The six-minute stepper test is related to muscle strength but cannot substitute for the one repetition maximum to prescribe strength training in patients with COPD
Received 6 November 2018
Accepted for publication 31 January 2019
Published 29 March 2019 Volume 2019:14 Pages 767—774
Checked for plagiarism Yes
Review by Single-blind
Peer reviewers approved by Dr Amy Norman
Peer reviewer comments 2
Editor who approved publication: Dr Richard Russell
Tristan Bonnevie,1,2 Mathilde Allingham,3 Guillaume Prieur,1,4 Yann Combret,5,6 David Debeaumont,7 Maxime Patout,1,8 Antoine Cuvelier,1,8 Catherine Viacroze,8 Jean-François Muir,1,2,8 Clement Medrinal,1,4 Francis-Edouard Gravier1,2
1Normandie University, UNIROUEN, UPRES EA 3830, Rouen University Hospital, Haute Normandie Research and Biomedical Innovation, Rouen, France; 2ADIR Association, Rouen University Hospital, Rouen, France; 3Rouen University Hospital, School of Physiotherapy, Rouen, France; 4Intensive Care Unit Department, Le Havre Hospital, Hôpital Jacques Monod, Montivilliers, France; 5Institute of Experimental and Clinical Research (IREC), Pole of Pulmonology, ORL and Dermatology, Catholic University of Louvain, Brussels, Belgium; 6Physiotherapy Department, Le Havre Hospital, Le Havre, France; 7Department of Respiratory and Exercise Physiology and CIC-CRB 1404, Rouen University Hospital, Rouen, France; 8Pulmonary, Thoracic Oncology and Respiratory Intensive Care Department, Rouen University Hospital, Rouen, France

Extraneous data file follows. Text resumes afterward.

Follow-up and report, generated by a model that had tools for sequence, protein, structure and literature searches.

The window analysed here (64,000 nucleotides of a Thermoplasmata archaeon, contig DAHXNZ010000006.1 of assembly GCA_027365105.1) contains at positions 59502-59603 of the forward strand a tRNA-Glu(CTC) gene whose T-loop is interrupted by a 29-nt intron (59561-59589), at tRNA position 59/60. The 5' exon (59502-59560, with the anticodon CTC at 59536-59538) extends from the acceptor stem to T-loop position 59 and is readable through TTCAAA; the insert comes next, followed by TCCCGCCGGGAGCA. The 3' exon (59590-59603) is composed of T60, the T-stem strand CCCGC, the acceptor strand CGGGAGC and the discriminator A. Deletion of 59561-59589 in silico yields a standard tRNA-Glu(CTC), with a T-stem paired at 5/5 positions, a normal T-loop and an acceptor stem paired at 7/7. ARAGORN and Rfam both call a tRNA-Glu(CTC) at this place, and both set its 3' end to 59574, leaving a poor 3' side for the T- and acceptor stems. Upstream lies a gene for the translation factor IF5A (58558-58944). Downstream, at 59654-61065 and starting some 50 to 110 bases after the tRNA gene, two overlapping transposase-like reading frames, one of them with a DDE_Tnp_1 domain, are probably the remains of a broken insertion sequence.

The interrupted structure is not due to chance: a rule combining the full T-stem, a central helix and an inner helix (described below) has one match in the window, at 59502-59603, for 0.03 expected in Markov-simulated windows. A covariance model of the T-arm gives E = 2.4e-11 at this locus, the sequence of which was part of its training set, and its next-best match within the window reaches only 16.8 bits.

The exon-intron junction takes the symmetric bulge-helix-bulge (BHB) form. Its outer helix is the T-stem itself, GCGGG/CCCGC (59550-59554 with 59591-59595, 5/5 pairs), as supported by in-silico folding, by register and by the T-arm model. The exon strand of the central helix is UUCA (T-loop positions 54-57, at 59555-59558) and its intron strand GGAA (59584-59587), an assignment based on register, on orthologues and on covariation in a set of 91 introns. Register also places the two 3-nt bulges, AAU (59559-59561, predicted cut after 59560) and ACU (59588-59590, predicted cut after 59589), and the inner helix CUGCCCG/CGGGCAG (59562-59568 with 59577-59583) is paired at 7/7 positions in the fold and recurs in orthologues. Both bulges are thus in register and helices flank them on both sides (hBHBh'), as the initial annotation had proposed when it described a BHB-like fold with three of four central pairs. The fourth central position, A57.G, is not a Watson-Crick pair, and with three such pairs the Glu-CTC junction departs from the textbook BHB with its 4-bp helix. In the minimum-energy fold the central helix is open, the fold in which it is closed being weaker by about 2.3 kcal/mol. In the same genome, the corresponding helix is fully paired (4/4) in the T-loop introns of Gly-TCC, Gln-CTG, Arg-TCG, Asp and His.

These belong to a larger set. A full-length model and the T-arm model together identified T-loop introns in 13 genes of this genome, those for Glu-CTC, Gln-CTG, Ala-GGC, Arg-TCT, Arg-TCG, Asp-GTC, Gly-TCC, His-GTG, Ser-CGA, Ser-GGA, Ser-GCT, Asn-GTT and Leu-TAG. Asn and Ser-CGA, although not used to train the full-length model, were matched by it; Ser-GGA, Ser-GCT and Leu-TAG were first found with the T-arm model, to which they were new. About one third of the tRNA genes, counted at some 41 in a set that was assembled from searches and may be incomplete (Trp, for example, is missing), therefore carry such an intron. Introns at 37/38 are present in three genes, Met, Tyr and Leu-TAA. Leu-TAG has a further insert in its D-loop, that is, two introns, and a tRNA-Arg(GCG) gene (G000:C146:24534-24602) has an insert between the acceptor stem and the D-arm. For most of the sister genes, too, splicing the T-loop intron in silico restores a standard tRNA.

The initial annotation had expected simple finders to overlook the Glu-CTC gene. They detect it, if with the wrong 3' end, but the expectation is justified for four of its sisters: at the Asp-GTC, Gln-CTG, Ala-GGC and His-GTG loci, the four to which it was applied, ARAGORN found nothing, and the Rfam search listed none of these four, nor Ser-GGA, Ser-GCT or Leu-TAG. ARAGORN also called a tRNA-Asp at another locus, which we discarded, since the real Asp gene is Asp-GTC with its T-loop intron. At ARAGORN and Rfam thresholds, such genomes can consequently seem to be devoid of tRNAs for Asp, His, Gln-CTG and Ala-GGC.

Purpose: There are many barriers to pulmonary rehabilitation, including a limited access to evaluation centers. To cope with these difficulties, field tests are often used to prescribe endurance training. As field tests are related to muscle strength, they could also be used to prescribe strength training and increase the access to pulmonary rehabilitation in rural area. However, their validity for this purpose has never been studied.
Patients and methods: The relationship between the 6-minute stepper test (6MST), 6-minute walk test, maximal workload achieved during cardiopulmonary exercise testing (Wpeak), and one repetition maximum (1RM) was assessed in 35 patients with COPD through a retrospective chart review to derive predictive equation of the 1RM from these tests. The effectiveness of these equations to prescribe strength training at 70% of the 1RM was assessed in an independent cross-validation group of 34 patients with COPD.
Results: There was a moderate relationship between the 6MST, Wpeak and the 1RM (r=0.44 and r=0.41, respectively, both P≤0.01). Whatever the test, the prescription of strength training using the estimated 1RM compared with the measured 1RM resulted in a mean absolute difference and a mean bias of about 30 kg.
Conclusion: The use of the 6MST and Wpeak for the prescription of strength training would result in a clinically not acceptable error. Therefore, they should not be used as a substitute for the 1RM to prescribe strength training.
Keywords: six-minute stepper test, strength training, COPD, pulmonary rehabilitation
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